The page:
One More Bite (Jaz Parks) by Jennifer Rardin
|One More Bite (Jaz Parks) by Jennifer Rardin|
|Reviewer: John Lloyd|
|Summary: The fifth in the series comes across as relatively self-contained, and possibly the best spread of comedy, action, spookiness and Twilight-styled vampire-lurving yet.|
|Buy? Yes||Borrow? Yes|
|Pages: 336||Date: January 2009|
You are in the business of ghost release?
Well, when that is asked of a vampire CIA assassin who has lived through untold horrors and seen innumerable deaths, and Jaz Sparks, his spunky human-but-getting-less-so-with-every-book colleague-turned-lover, it only comes down as a major understatement.
The pair have in fact got some way through the world's evils, in one fell (and foul) swoop, in the previous book. But there's a balance of power in the undead that now needs to be maintained, and a coven of witches in the Scottish highlands that for once needs protection, from assassins unknown. And wouldn't you just know it, the predicted offing happens to coincide with a geeky ghost-watching convention, which promises to be the most spectacularly successful yet.
This has always been a fun series, even when going off the rails too far for my taste in imagining the other-worlds. We've had middle Eastern baddies, and action last time round centred on Greece. It's a pleasure so see this fifth volume a bit closer to the Bookbag's home, but still reasonably realised by the American author. The beginnings of the book even act out like some cosy country house mystery (albeit with hexes, ghosts, and possible human remains in the Aga), before we enter the world of the convention.
You might say this was a clear case of an opportunity missed, as the whole geekdom and ineptness of the majority of the convention guests could have been ripped into with gusto and glee, contrasted by Jaz and what she knows for the truth about the afterlife. But the sense of humour we get is of a very different sort, and it's with pleasure we see the sidekicks are again very firmly in the background (save Cole, the returning sad-sack human love interest, and Jaz's father), allowing for a very nice, personable comedy to come from Jaz's first-person narrative.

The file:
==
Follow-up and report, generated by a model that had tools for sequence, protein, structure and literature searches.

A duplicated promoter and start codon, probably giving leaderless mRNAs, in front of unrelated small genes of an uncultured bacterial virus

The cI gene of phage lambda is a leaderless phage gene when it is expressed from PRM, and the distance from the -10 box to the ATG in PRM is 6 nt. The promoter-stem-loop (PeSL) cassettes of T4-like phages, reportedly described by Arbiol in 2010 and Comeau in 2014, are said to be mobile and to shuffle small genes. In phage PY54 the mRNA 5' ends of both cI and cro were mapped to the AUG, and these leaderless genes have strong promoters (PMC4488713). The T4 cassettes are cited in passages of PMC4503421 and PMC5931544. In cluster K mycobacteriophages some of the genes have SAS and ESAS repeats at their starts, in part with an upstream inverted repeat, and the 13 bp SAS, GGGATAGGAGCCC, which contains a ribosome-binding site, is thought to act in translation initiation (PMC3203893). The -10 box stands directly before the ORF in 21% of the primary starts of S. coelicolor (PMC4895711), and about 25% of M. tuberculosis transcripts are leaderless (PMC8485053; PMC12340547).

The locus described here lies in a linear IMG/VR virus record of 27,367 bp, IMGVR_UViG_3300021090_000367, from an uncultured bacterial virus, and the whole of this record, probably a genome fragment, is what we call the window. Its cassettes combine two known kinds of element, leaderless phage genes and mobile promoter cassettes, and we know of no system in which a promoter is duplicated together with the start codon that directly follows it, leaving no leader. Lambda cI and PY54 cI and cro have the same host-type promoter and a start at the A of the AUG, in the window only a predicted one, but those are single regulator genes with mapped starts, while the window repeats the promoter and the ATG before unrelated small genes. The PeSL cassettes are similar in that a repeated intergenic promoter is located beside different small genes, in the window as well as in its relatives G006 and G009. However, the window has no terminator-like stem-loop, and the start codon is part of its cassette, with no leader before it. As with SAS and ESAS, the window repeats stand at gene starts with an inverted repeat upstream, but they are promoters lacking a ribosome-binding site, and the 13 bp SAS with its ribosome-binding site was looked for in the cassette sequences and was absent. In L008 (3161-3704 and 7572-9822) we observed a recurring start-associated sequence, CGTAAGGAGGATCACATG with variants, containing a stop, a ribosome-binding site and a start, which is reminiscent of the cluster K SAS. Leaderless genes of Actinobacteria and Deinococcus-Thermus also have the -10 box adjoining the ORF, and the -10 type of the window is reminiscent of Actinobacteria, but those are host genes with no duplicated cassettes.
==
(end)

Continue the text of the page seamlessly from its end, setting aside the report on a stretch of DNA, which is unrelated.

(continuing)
Before long the setting is mostly redundant as the action comes on strongly. Jennifer Rardin has always had a successful technique when it comes to plotting, and here the action flows through set piece to spooky bit to real life romance section (this comes across as Twilight for the grown-ups on more than one occasion).
All told, with what for me are the right elements of the fantasy, and the continued strong story-telling, combined with the humour and style of the narration, this could come down as the most perfectly balanced story in the series yet. I do begin to despair of Rardin doing anything else with her writing time, but for now this cycle is not showing a loss of quality. The debutant reader would probably lose half a mark off my Bookbag rating, but for now this is a clever, meaty and fun action book.
We must thank Orbit for our review copy.
For another book equally hard to pinpoint within the horror-fantasy spectrum, you might enjoy Feast of Souls by Celia Friedman.
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